Do you want to hide your recent work? You can remove any file from the Recent Databases list by right-clicking it and choosing “Remove from list”. And if the clutter is keeping you from finding the databases you want, just pin the important files, then right-click any file, and choose “Clear unpinned items”. This action removes every file that isn’t pinned down.
Every time you use the File→Open command, Access closes the current database and then opens the one you chose. If you want to see more than one database at a time, you need to fire up more than one copy of Access at the same time. (Computer geeks refer to this action as starting more than one instance of a program.)
It’s almost embarrassingly easy. If you double-click another database file while Access is already open, then a second Access window appears in the taskbar for that database. You can also launch a second (or third, or fourth…) instance of Access from the Start menu, and then use File→Open to load up a different database in each one.
Access handles old database files differently, depending on just how old they are. Here’s how it works:
If you open an Access 2002-2003 file, you don’t get any notification or warning. Access keeps the current format, and you’re free to make any changes you want.
If you open an Access 2000 file, you’re also in for smooth sailing. However, if you change the design of the database, the new parts you add may not be accessible in Access 2000.
If you open an older Access file (like one created for Access 97, 95, or 2.0), Access asks whether you want to convert the database or just open it (see Figure 1-16).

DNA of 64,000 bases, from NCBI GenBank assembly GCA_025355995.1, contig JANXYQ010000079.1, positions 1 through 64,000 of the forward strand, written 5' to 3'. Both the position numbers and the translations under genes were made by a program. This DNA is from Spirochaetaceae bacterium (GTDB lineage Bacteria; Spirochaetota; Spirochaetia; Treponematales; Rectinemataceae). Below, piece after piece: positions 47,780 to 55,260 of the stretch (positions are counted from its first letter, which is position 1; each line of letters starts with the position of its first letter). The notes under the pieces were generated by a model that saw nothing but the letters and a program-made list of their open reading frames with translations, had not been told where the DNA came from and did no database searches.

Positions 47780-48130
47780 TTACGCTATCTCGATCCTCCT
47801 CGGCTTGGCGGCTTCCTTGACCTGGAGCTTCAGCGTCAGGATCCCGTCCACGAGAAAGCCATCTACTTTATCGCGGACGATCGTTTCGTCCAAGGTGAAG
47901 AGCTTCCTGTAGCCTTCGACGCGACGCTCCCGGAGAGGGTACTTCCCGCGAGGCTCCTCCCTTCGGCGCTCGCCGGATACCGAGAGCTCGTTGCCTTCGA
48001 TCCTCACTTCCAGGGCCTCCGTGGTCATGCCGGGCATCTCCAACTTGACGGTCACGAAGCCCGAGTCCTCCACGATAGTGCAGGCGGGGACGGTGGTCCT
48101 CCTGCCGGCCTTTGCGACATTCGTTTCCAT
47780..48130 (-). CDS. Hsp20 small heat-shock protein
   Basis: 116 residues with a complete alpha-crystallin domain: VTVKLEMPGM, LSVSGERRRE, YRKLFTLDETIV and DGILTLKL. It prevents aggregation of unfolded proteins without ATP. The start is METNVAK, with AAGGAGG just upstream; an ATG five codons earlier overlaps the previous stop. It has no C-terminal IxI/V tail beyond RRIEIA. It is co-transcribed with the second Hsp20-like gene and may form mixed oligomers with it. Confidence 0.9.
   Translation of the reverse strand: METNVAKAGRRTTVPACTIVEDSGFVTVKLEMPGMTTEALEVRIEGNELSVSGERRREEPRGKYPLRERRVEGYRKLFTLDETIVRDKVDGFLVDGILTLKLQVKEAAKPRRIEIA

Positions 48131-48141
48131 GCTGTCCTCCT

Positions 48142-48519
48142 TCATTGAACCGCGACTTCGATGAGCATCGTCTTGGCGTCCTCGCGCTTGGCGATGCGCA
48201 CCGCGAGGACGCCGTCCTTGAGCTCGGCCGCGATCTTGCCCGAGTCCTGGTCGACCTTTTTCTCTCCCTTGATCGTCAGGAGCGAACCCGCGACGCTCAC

Figure 1-16. Access gives you a choice when you open a database file that was created in Access 97, 95, or 2.0. If you choose to convert the database (click Yes), Access copies the existing database into a new database file, in Access 2002-2003 format. You can then edit this copy normally. If you choose to open the database (click No), Access opens the original file without making a copy. You can still edit existing data and add new data, but you can’t change the database’s design.
You can always tell the current database’s format by looking at the text in brackets in the Access window’s title bar. If you open an Access 2002-2003 file, the title bar might read “Bobblehead: Database (Access 2002-2003 file format)”.
When you open an old-school Access database, you’ll notice something else has changed. When you open a table, it won’t appear in a tabbed window (like the ones shown in Figure 1-19). Instead, the table opens in an ordinary window that can float wherever it wants inside the main Access window. This seems fine at first, until you open several tables at once. Then, you’re stuck with some real clutter, as shown in Figure 1-17.
This somewhat unfriendly behavior is designed to be more like Access 2003 and older versions of Access. But don’t worry—you can get back to the slick tabs even if you don’t convert your database to the new format. All you need to do is set a single configuration option for your database:
Choose File→Options. The Access Options window appears.
In the list on the left, choose Current Database.
Under the Application Options heading, look for the Document Windows Options setting, where you can choose Overlapping Windows (the Access 2003 standard) or Tabbed Windows (the wave of the future).
For a retro touch, you can use the same setting to make a brand-new Access database use overlapping windows instead of tabs.